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A popular used truck for sale, a black 2020 Honda Ridgeline Black Edition, is shown parked on a city street.

Let’s Check Out Four Fantastic Used Midsize Trucks

Midsize trucks are excellent, accessible options for anyone looking for a pickup but who doesn’t need all the extra size and muscle of a full-size model. Used trucks are terrific, convenient options for drivers who need a truck’s functionality and capability but do not want to pay the high price of a new model. Put these two things together, and you have used midsize trucks, which are (you guessed it) some of the most accessible options out there if you ever need to get some work done, enjoy yourself on your time off, and keep to a budget while you are at it.

That being said, if you start looking at used trucks for sale, even specifically midsize models, you will quickly be overwhelmed by an embarrassment of options. Trying to sort through all of that and narrow things down to a manageable level can be challenging. But fret not because I am here to help—you do not have to figure it out alone. Things become much simpler if you focus on a few models at once to get a sense of what they offer, so let’s look at four of my favorite choices when shopping for used midsize trucks.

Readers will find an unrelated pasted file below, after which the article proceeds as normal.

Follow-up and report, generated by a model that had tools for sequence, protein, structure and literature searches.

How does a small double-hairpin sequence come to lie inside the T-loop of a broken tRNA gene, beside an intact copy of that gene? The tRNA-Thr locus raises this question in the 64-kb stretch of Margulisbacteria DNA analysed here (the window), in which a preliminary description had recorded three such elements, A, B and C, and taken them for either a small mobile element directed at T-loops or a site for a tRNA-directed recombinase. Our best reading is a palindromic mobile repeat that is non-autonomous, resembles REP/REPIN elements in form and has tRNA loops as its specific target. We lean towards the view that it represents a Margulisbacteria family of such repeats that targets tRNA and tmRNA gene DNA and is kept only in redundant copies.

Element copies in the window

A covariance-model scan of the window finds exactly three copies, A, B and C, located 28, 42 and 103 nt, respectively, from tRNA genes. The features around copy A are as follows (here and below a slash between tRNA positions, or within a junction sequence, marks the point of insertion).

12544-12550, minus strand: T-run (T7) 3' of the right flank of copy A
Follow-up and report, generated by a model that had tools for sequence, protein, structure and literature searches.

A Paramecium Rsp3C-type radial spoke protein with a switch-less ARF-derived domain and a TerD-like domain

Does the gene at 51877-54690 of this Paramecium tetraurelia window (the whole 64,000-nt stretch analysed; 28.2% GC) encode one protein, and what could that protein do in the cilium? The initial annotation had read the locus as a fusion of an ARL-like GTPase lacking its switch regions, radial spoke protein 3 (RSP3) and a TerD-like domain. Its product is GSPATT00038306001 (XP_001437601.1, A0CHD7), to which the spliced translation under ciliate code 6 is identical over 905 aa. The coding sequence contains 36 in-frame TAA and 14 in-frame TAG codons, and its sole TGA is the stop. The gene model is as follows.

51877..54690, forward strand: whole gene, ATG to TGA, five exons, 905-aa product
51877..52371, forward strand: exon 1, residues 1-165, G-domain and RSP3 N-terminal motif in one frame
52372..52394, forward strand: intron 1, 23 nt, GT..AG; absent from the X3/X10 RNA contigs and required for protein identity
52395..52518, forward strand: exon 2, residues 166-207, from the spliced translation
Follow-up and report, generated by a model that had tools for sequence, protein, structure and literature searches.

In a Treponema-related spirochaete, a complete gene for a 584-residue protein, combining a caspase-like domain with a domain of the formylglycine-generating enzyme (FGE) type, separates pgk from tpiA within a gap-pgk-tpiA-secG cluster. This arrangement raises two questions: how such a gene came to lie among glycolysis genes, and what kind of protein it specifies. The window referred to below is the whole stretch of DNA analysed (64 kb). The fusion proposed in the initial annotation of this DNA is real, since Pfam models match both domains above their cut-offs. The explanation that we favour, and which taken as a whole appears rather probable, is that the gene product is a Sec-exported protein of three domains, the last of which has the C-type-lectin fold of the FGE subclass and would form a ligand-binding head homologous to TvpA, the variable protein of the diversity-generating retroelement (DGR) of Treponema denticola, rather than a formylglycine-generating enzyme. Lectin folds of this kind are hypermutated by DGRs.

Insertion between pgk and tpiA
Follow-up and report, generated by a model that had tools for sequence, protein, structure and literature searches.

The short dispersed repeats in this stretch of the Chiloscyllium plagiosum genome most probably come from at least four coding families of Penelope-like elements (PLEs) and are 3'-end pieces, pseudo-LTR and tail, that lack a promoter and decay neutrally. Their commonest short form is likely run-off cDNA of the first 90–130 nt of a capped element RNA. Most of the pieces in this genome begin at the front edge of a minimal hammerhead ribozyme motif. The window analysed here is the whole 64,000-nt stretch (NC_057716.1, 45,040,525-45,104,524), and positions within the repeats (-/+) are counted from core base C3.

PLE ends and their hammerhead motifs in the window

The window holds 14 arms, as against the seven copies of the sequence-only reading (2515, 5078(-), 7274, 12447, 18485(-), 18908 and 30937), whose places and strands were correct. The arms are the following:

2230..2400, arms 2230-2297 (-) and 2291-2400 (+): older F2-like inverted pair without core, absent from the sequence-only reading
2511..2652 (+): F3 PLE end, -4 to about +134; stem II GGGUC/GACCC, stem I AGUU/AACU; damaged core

The Honda Ridgeline

Kicking things off, we have the Honda Ridgeline, one of the most popular midsize pickups out there, which started with the 2006 model year. It is the perfect balance between a vehicle that goes back 40 or more years (looking at you, Ford F-150) and something that’s just been around a couple of years, giving you few options. You will find a couple of different generations for the Ridgeline: the first-gen model received a facelift in 2009, then another one in 2012, with a second generation that launched for the 2017 model year. That gives you a lot of great choices to consider, though I would look for one from 2017 or later, if possible, to get the most recent features on it.

A 2017 model will have a 3.5L V6 engine that delivers 280 hp and 262 lb-ft of torque; I know this because only one engine is available here. That makes things simple since you do not have to look for one with decent power, and Honda has come through with a solid powertrain that does not leave you wanting more. If your budget allows for it, you will do even better with a 2020 model, which received an updated nine-speed automatic transmission, and the standard Infotainment display went from a dinky 5.0-inch number to an 8.0-inch touchscreen. For something sleeker, go for one from 2021, when the Ridgeline received a facelift that gave it a bolder look.